“Now this is not the end. It is not even the beginning of the end. but it is, perhaps, the end of the beginning.” - Winston Churchill
The Office of the National Coordinator (ONC) and the Centers for Medicare and Medicaid (CMS) have released Final Rules on interoperability, information blocking, and other activities as part of implementing the 21st Century Cures Act. The official roll out and Implementation of the rules begins on May 1, 2020 when they are published in the Federal Register.
In our previous blog series, we explored the ideas behind the Final Rules, why they are necessary, and the expected impact on interoperability, information blocking and innovation. A handy summary of the differences between the proposed and Final Rules can be found here.
Given that the rules are complex and controversial topics open to interpretation, we invite readers to respond with their own ideas, corrections, and opinions.
While much of the world is focused on mitigating the health and economic impact of COVID19 another, potentially world-changing event is playing out in Washington, DC: The ONC and CMS Final Rules on interoperability and information blocking are entering the implementation phase. After years of development, debate and public input, the final rules were released on March 9, 2020 and will be published in the Federal Register on May 1, 2020 which will start the clock ticking on timelines for implementing and demonstrating compliance.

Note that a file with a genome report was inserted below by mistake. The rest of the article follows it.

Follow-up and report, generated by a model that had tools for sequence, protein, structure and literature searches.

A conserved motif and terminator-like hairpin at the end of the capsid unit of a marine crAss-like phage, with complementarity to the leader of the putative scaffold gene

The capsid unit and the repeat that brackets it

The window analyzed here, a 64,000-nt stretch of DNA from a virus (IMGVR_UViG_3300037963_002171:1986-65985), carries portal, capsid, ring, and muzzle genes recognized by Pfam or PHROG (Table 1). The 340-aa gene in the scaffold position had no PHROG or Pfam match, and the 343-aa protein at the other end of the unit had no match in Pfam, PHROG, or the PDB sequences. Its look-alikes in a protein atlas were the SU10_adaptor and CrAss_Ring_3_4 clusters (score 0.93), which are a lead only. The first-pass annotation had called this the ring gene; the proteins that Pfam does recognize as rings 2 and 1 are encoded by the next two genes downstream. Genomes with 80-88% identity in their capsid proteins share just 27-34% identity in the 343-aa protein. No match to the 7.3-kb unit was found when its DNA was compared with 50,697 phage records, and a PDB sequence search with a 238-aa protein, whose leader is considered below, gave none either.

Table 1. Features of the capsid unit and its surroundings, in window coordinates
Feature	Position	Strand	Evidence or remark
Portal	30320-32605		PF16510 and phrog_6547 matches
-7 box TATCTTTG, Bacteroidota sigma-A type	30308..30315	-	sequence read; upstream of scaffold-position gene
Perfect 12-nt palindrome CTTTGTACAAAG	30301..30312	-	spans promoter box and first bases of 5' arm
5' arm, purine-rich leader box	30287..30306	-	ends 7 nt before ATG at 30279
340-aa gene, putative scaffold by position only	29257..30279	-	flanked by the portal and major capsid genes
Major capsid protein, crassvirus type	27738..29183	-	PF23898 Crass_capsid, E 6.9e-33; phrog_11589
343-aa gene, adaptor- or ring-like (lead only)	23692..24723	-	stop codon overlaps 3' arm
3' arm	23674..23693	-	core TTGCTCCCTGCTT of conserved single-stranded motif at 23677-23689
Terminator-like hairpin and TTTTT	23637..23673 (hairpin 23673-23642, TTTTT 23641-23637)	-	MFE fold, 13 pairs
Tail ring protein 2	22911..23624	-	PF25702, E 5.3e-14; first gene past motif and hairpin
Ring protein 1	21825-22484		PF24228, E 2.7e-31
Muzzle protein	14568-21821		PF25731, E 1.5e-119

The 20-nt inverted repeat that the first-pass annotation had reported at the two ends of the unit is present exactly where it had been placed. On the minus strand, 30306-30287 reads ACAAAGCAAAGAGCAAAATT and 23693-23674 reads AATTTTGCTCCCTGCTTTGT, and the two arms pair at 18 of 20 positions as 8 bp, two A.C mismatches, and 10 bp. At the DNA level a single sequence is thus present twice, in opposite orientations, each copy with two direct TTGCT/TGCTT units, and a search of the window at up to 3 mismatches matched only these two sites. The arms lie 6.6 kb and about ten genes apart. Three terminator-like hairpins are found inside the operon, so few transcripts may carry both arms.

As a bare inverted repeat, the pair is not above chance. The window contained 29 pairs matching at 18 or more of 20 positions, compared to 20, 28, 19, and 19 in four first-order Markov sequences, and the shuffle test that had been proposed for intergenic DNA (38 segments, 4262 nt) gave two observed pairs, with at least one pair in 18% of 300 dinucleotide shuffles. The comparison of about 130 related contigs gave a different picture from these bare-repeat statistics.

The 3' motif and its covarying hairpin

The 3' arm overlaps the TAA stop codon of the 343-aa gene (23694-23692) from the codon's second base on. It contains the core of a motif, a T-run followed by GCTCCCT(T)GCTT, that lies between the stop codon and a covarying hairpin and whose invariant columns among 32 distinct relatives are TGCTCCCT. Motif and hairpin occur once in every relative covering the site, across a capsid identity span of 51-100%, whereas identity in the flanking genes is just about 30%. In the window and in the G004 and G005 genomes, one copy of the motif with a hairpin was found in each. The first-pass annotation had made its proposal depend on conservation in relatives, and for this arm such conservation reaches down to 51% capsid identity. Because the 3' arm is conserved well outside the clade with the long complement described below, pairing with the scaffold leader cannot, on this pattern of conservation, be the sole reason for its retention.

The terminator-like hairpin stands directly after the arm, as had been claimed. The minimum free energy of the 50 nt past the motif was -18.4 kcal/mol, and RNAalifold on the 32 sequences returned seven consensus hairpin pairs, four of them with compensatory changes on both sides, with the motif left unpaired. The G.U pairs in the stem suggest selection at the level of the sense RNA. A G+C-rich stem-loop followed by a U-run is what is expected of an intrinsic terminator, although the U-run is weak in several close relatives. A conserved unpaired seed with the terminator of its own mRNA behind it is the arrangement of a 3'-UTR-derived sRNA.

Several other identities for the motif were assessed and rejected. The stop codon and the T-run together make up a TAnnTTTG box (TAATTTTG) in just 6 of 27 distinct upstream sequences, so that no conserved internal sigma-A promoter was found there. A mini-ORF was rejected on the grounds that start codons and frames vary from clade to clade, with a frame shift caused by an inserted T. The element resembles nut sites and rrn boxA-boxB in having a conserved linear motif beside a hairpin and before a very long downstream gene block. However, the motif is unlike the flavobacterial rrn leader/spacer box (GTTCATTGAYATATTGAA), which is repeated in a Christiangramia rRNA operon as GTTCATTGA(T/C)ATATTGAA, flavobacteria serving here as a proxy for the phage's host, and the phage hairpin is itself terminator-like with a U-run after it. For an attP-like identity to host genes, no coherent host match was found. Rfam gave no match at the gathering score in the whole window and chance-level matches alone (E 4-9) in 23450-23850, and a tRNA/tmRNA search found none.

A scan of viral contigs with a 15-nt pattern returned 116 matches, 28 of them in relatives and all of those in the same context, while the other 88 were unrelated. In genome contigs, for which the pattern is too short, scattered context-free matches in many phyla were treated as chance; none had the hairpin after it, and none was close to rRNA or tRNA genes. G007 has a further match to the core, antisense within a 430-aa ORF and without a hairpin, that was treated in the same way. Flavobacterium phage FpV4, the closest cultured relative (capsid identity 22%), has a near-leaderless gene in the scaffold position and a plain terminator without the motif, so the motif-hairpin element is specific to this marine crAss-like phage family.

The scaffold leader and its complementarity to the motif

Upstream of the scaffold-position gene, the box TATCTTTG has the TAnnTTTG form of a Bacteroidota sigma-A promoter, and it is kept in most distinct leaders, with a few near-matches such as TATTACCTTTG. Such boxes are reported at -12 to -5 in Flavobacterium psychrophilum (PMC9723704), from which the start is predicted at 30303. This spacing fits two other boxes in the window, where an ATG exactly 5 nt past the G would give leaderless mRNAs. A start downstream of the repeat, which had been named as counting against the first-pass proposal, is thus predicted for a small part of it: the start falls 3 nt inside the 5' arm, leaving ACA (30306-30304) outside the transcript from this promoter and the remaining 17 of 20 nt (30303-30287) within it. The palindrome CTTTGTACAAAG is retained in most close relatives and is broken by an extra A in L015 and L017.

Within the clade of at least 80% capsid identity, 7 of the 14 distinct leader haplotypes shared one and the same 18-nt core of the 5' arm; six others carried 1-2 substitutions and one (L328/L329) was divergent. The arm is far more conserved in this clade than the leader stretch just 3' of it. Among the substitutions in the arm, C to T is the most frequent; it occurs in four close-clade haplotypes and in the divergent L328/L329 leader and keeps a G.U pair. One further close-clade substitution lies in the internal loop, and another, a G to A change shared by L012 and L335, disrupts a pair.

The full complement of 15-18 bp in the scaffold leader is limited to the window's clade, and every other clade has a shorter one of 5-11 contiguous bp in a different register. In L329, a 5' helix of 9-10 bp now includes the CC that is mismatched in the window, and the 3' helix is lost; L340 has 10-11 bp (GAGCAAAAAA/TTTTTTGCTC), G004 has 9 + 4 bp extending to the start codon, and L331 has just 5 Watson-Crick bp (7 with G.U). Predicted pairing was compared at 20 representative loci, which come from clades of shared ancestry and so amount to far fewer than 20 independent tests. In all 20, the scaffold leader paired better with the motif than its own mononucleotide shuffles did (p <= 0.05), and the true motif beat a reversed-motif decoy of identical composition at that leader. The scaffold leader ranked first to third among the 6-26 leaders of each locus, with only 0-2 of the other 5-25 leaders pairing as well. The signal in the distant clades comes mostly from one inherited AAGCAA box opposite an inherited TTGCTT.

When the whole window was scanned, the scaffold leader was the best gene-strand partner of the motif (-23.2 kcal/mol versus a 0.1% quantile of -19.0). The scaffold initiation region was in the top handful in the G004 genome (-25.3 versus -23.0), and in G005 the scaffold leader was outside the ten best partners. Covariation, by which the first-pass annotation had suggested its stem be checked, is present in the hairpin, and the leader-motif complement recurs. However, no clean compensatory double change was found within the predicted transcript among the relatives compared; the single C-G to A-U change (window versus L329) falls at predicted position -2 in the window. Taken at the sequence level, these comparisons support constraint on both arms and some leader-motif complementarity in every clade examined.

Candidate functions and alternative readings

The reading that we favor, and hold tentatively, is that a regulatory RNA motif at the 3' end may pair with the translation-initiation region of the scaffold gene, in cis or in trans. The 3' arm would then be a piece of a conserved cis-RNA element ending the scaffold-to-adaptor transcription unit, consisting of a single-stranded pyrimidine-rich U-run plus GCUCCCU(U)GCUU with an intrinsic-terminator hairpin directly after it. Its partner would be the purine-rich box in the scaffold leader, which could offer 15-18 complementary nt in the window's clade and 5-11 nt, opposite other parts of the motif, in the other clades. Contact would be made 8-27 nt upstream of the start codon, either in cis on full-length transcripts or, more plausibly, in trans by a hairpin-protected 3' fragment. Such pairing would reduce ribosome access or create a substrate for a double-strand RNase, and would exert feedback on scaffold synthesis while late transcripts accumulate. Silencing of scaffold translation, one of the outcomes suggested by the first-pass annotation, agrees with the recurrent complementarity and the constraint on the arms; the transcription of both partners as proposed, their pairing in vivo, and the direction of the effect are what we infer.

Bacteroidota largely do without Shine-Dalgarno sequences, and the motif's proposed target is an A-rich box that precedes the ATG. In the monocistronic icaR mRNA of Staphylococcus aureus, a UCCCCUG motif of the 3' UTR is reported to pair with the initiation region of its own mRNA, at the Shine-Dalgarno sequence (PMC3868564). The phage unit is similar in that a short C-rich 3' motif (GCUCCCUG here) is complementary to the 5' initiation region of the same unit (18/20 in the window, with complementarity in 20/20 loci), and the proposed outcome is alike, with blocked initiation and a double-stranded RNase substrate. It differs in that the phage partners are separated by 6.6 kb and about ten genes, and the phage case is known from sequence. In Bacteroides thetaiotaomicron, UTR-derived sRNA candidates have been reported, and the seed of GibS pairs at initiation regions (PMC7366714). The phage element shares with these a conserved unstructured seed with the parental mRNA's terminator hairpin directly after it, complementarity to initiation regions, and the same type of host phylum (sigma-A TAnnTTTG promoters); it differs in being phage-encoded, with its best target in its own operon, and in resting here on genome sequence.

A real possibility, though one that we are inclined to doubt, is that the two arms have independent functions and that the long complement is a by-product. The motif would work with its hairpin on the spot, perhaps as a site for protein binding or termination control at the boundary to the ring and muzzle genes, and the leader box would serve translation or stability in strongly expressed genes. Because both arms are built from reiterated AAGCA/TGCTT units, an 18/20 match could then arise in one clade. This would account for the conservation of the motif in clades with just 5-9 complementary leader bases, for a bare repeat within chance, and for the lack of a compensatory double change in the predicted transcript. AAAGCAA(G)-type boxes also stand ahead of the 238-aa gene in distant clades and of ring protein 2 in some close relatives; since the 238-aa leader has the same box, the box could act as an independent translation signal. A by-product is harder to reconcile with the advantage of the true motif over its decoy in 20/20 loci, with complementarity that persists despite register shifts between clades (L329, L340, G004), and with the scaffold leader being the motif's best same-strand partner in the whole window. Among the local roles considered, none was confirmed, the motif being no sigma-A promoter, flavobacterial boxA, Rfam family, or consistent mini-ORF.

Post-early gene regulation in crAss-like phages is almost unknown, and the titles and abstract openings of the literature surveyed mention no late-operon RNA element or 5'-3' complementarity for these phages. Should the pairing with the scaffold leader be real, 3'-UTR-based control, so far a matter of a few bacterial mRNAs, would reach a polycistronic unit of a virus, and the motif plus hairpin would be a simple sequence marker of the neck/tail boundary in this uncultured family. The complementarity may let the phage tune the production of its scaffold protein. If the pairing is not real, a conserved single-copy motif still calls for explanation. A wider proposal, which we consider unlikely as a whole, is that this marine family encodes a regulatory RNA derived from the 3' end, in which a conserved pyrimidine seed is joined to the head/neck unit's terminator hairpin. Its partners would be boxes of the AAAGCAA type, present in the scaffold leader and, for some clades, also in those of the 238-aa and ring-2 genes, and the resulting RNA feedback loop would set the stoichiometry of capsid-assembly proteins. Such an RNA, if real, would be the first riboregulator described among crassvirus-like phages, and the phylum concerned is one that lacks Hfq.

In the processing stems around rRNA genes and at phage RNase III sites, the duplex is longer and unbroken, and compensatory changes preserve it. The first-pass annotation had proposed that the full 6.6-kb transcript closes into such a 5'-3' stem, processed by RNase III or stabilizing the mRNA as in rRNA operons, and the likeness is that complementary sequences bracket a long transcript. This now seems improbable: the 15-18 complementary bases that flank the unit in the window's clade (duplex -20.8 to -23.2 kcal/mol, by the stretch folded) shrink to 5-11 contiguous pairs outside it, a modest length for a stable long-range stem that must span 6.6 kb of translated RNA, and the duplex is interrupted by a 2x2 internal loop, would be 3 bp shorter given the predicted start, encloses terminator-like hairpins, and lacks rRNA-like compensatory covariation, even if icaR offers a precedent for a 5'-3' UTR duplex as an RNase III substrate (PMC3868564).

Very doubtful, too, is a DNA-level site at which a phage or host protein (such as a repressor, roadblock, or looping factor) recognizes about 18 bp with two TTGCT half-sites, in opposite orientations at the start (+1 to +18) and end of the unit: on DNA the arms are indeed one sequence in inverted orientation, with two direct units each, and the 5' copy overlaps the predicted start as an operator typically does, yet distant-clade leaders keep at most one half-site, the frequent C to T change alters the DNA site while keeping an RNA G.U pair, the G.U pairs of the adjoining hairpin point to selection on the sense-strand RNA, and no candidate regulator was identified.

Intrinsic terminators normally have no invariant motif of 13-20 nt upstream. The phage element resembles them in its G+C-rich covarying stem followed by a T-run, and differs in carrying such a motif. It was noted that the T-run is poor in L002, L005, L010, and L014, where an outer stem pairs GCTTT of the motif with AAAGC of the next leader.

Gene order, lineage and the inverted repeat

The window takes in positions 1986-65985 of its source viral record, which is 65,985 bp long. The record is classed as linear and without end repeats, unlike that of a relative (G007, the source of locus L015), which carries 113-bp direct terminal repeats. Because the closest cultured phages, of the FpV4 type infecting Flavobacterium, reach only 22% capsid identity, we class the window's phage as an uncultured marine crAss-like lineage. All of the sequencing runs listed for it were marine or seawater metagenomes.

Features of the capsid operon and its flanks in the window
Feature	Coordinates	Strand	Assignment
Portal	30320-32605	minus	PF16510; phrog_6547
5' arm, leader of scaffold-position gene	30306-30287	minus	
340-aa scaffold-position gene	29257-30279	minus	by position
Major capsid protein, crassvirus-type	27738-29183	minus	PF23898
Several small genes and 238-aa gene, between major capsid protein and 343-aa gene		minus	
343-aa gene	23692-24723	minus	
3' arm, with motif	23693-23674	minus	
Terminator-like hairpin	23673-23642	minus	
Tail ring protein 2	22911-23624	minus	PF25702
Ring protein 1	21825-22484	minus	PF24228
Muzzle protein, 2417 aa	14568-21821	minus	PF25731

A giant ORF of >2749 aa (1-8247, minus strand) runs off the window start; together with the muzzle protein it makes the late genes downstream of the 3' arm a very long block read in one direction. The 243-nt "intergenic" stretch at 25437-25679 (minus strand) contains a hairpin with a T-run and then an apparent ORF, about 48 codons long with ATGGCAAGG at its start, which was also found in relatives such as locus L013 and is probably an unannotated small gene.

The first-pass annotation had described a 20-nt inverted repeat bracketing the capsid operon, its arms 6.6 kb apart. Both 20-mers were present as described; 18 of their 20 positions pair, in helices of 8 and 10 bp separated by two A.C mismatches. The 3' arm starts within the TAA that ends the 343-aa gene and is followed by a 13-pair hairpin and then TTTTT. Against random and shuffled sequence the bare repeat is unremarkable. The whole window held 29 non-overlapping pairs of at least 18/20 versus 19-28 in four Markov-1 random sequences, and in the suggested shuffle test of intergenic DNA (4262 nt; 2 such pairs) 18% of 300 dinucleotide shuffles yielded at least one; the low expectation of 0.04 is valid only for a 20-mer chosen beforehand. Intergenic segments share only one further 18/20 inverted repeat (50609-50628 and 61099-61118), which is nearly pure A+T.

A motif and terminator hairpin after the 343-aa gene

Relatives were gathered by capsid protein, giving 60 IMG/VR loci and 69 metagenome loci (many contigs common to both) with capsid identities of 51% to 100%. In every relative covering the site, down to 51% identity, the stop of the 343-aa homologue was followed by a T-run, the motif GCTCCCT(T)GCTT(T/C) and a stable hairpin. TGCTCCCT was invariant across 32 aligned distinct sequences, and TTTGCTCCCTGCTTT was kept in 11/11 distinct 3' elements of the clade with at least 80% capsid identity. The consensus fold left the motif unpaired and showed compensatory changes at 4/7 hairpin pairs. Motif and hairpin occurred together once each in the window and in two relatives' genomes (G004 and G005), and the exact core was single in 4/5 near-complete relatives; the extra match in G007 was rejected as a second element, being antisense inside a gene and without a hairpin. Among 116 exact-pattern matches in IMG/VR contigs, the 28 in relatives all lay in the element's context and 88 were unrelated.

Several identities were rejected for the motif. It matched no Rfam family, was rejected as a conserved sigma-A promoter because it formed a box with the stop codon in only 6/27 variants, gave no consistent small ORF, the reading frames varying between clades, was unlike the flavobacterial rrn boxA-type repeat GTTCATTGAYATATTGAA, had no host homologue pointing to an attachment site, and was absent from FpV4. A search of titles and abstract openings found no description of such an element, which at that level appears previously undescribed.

The Story So Far
Over the past decade, healthcare organizations widely deployed monolithic applications like electronic health records (EHRs). Advancing the digitalization of health care to the next stage will be highly dependent on innovators ability to build on that foundation to provide better, more diverse applications. This is why interoperability and data blocking are two of the biggest issues in health IT today.
Interoperability – the ability of applications to freely connect, exchange data, and collaborate within the health IT ecosystem – is a key driver of the pace and breadth of innovation. Free flowing, rich clinical data sets are essential to building powerful, user-friendly applications. Making it easy to install or switch applications reduces the cost of deployment and fosters healthy competition. Conversely, when data exchange is restricted (data blocking) or integration is difficult, innovation is stifled.